Saturday, October 11, 2014


“Debilitating” is a perfect word. The very sound though not quite onomatopoeic, implies tiring, constant, unrelenting, and almost permanent. It is one of those unkind, unforgiving words, an un word, with no saving grace or silver lining.
For the past two weeks I have been in debilitating pain. I have developed Piriformis Syndrome, or maybe a Lumbar Radiculopathy, or perhaps a good old case of sciatica, depending on the physician of the moment. And it is incapacitating.
The pain begins at the top of my right buttock and radiates down the side of my thigh, past my knee, and into my calf. It is there, in some varying degree of intensity, 24 hours a day, and there is not a single position—standing, lying, sitting, squatting, or any combination thereof, that gives even a degree of relief.
It allows me to sleep only intermittently. It has, at times, made me into a babbling idiot, pleading with doctors for some form of release. I have been to five different healers in four days. I have been to the emergency room at 3 a.m., gotten injections, gobbled painkillers and tried without success to push, pull or stretch recalcitrant nerves and muscles back into correct alignment. I am now on a diminishing course of steroid medicine which, after four days, may, may, be doing some good. Or perhaps not. It’s frankly hard to tell. For the past five nights, the pain has roused me from half-sleep to full, agonizing wakefulness. The musculature of my right thigh is as dense as oak. I can press with one some areas with one finger and bring myself to tears.
There are other side-effects as well. I’ve become clumsier, sweeping tea cups off table tops and dropping a full plate of rice pasta on my lap. I can’t focus; my thoughts invariable migrate back to the discomfort I’m feeling; I am totally unable to concentrate on much of anything other than the ache. I’m occasionally nauseous. I have had suicidal thoughts. I can barely type. Every other word on the computer screen is misspelled. I’ve misspelled the word “misspelled” five times.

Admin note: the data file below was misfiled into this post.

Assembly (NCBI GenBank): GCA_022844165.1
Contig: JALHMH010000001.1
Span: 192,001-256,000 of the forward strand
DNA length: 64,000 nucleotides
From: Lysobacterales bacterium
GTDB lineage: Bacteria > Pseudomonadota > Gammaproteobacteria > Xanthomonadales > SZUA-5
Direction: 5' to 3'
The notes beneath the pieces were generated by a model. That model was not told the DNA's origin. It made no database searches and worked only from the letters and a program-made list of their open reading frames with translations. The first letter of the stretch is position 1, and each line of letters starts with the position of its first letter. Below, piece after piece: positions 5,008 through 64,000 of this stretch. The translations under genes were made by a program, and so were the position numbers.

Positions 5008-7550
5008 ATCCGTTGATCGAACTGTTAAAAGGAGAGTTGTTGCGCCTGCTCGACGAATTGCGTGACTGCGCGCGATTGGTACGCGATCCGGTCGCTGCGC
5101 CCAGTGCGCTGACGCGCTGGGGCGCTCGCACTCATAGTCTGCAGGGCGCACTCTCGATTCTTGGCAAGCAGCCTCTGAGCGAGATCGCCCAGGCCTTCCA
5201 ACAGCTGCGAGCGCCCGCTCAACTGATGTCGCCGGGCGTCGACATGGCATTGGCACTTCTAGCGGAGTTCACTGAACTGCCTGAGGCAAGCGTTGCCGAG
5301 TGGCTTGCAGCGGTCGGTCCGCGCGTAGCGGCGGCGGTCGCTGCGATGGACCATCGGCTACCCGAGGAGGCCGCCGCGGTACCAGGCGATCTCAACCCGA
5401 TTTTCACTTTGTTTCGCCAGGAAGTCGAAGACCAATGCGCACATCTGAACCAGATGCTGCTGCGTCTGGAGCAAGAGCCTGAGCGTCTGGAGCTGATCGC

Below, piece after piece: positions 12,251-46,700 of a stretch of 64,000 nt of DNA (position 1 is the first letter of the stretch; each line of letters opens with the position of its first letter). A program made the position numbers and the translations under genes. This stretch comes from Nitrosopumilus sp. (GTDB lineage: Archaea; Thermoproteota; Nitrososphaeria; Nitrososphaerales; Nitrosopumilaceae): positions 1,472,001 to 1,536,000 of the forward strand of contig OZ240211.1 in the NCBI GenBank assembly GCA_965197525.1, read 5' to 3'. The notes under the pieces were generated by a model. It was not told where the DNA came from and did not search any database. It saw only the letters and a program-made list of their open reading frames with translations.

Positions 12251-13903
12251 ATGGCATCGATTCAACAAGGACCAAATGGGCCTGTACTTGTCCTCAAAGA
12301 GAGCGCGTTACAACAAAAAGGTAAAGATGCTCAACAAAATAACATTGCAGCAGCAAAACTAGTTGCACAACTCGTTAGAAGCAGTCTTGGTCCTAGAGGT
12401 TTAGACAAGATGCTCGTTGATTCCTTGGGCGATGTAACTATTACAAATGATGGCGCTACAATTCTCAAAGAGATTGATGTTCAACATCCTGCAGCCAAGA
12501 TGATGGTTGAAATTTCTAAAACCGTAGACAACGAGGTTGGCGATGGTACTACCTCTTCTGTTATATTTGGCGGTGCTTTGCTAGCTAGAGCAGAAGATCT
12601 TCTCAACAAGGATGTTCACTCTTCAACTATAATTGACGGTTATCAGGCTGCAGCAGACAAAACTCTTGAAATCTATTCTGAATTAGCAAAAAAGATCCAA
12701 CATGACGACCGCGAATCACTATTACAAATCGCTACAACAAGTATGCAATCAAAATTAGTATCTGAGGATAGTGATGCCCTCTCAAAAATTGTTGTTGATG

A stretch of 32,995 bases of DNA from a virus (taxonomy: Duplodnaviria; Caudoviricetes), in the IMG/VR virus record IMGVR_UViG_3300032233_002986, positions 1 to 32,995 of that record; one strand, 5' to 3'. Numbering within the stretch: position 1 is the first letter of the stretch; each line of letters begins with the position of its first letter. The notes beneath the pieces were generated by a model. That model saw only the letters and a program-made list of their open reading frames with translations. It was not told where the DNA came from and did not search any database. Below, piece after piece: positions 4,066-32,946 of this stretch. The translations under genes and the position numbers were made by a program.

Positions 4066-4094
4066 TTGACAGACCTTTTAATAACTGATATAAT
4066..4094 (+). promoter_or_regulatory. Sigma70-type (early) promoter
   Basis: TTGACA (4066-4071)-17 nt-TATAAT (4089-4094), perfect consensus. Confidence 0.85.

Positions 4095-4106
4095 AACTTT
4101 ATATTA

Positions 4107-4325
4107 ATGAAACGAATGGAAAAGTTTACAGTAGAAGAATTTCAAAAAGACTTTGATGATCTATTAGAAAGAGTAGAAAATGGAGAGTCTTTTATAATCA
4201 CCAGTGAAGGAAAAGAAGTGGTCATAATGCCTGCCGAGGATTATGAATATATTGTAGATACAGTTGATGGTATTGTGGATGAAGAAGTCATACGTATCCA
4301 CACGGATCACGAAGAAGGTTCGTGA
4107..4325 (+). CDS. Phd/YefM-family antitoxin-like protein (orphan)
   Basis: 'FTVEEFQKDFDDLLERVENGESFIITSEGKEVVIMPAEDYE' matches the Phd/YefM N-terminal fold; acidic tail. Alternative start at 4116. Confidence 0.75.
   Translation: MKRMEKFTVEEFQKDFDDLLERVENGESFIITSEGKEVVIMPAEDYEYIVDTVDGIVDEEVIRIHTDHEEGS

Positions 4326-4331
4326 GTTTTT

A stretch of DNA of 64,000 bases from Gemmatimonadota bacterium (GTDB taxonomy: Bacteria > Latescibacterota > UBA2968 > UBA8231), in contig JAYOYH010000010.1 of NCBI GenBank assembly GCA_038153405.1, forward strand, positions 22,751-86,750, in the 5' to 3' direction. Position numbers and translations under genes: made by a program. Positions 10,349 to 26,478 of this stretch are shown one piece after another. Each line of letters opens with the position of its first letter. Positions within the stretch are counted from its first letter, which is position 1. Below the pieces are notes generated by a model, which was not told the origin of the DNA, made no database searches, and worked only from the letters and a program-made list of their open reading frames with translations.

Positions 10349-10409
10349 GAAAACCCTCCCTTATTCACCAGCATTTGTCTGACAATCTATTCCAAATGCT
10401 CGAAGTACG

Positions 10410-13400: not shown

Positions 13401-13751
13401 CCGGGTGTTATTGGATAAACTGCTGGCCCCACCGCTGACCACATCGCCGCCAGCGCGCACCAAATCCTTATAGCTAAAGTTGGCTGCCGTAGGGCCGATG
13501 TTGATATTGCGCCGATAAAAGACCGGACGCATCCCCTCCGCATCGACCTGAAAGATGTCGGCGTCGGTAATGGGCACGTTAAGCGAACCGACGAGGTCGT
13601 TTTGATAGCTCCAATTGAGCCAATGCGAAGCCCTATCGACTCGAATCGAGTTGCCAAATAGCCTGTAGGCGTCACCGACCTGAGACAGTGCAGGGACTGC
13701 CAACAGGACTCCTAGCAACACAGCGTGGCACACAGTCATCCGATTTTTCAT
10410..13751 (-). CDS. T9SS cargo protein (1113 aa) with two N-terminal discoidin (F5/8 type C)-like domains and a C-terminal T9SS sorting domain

Almost worse than all of this is the certainty that somehow I will not get better. In fact, I will; I am catastrophizing, a not unusual trait of mine; I know my rationality has taken a serious hit but there’s no relief in that realization. I am in denial.
Incidentally, I have no idea how I put myself in this situation. I haven’t fallen, or strained, or bent my spine one way when it should’ve gone another.
I’ve dealt with pain the past, including a motorcycle accident that left every tendon and sinew overextended and strained, but this is worse. And so I decided to do something I haven’t allowed myself in 23 years—after the failure of massive doses of ibuprofen and other over-the-counter concoctions to diminish muscle and nerve swelling, I asked my doctor to prescribe an opioid painkiller, Vicodin. I had managed to avoid such drugs through seven cancer surgeries, but this agony was too much. The Vicodin has not worked. Neither did a couple of other controlled meds whose street prices are stupidly expensive. Now I’m taking a Percodan derivative, which seems to have limited effectiveness. It is not making me high or having any of the pleasant psychoactive effects associated with such drugs. It merely takes the edge off for an hour or two.
Right now it is close to midnight. I am resisting the urge to quadruple the amount of drugs I’ve been taking. My butt and right leg are in excruciating pain. Think sharp stick, a squeezing pressure on the muscles, a deep throbbing no massage can relieve.
My body, and more specifically my liver, is that of an addict who metabolizes drugs quickly as a survival mechanism. Unfortunately, my liver has doesn’t have the capability to  recognize one drug from another, so be it cocaine and alcohol (bad) or diazepam and medical opioid (good), it reacts in the same way and strives to rid my body of the drug that might relieve the pain.  
It’s hard to think clearly. Pain hurts. 

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